Every teacher must first be a student, and the U.S. News rankings of education programs can help you find the right classroom.
That's how US News & World Reports bills its Ed School rankings. For would-be teachers.
But look at their methodology. Almost none of it explores any factors that affect undergrad and masters programs for teachers.
Instead, it's all about doctoral students. Most of whom have nothing to do with k-12 teaching. # of doctoral degrees granted. GRE scores of doctoral students only -- no GRE data of the teachers they're training. Ratio of faculty to doctoral students, but nothing about ratio of faculty to those preparing to be schoolteachers.
Deans and superintendents ratings. Do you think a single dean in America could accurately describe any difference between teacher prep at, say, Penn State and Ohio State (in front of recent grads of those programs)? No way! Same with superintendents. Most supes don't hire any teachers. Principals do.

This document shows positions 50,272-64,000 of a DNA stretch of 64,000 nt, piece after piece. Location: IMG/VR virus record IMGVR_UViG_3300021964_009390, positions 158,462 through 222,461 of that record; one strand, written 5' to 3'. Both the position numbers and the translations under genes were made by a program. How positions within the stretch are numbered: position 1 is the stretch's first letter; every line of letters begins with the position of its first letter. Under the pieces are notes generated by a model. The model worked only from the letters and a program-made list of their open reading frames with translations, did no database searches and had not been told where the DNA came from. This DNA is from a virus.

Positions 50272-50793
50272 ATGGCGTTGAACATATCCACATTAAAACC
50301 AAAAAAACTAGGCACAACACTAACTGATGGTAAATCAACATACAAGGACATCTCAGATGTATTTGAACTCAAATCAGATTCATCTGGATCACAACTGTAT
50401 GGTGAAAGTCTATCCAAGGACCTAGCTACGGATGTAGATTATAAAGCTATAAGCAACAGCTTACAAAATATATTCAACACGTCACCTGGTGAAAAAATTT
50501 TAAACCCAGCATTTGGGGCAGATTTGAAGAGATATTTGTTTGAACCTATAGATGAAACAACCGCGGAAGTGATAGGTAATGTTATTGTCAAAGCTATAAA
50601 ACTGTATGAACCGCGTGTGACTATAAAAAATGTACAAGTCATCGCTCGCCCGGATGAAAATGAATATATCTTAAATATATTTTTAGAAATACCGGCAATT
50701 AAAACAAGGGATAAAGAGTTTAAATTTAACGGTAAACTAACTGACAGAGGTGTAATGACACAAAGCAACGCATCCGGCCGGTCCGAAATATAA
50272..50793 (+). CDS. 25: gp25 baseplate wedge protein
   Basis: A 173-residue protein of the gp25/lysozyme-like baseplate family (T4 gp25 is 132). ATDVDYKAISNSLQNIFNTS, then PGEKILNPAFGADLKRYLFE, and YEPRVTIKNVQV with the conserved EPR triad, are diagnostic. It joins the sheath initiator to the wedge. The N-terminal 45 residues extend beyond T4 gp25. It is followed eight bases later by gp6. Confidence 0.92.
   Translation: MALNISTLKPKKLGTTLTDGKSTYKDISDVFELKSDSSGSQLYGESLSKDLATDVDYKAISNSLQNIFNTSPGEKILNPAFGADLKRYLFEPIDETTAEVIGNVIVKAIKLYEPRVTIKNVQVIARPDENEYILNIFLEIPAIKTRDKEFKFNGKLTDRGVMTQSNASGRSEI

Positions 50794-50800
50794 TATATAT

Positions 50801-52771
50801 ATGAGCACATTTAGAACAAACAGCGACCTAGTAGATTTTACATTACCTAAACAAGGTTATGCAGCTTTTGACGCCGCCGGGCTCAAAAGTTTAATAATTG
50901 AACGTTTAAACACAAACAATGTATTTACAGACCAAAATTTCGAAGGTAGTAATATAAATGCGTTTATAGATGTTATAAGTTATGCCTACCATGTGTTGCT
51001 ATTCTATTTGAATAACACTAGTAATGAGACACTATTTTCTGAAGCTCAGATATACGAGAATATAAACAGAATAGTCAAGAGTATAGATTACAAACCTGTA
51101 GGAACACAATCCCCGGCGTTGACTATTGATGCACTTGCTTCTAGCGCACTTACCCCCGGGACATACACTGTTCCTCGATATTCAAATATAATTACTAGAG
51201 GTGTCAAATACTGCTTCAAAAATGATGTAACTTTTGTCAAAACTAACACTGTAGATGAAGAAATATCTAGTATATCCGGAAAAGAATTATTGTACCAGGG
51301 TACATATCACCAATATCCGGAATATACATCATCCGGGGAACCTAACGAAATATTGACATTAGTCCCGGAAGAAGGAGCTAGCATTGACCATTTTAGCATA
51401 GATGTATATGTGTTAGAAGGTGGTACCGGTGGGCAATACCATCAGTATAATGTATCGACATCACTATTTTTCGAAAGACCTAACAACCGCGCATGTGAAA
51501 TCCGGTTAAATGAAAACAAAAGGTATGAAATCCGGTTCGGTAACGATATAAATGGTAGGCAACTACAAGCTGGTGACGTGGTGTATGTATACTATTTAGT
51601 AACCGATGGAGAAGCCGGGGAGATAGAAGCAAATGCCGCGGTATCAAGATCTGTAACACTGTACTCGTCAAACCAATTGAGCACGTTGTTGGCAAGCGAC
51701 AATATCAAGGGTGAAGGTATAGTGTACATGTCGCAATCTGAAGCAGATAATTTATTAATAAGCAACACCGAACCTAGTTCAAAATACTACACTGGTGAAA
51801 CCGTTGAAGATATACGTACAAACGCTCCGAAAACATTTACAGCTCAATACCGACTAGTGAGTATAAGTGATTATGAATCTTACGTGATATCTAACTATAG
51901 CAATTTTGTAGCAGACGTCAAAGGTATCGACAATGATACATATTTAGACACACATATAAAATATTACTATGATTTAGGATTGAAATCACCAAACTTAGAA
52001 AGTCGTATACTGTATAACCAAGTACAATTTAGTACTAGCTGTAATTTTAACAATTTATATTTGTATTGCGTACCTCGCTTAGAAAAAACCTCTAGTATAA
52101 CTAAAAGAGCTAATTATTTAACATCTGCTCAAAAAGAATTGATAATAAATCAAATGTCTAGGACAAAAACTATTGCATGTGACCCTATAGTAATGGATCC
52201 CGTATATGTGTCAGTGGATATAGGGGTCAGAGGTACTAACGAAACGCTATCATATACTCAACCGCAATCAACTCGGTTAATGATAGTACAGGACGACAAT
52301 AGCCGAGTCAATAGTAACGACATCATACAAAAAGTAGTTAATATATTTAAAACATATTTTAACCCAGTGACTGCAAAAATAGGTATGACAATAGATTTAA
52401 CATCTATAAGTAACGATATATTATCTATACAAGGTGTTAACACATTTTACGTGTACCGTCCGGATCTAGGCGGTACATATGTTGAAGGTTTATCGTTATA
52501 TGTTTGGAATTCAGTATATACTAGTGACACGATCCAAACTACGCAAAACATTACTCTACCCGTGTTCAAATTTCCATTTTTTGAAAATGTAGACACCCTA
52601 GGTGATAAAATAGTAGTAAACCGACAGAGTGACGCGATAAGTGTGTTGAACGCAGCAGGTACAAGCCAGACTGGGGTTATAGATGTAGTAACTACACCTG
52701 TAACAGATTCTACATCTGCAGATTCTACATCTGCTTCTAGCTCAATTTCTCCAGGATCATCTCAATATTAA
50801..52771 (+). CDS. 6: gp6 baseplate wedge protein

Now I'm a fan of US News and their rankings. (Full disclosure: I once played a small role in a different rankings project).
I'm sure they'd say "Listen, if any achievement data existed that connected teacher results and the Ed Schools that trained them, we'd include that! And maybe if Secretary Duncan succeeds in getting those numbers out there, this could happen in the near future. But in the meantime, what should we measure? We don't have the resources to actually track down schoolteachers and watch them in action, as a way to gauge their preparation. We need data."
Fair enough. But US News should clear things up. Something like: "These are rankings for doctoral programs, not for any teacher prep programs."
There's just one problem. Sales. The market of would-be teachers who might want to know about rankings is about 200,000/year.
Future education PhDs and EdDs? About 6,000/year.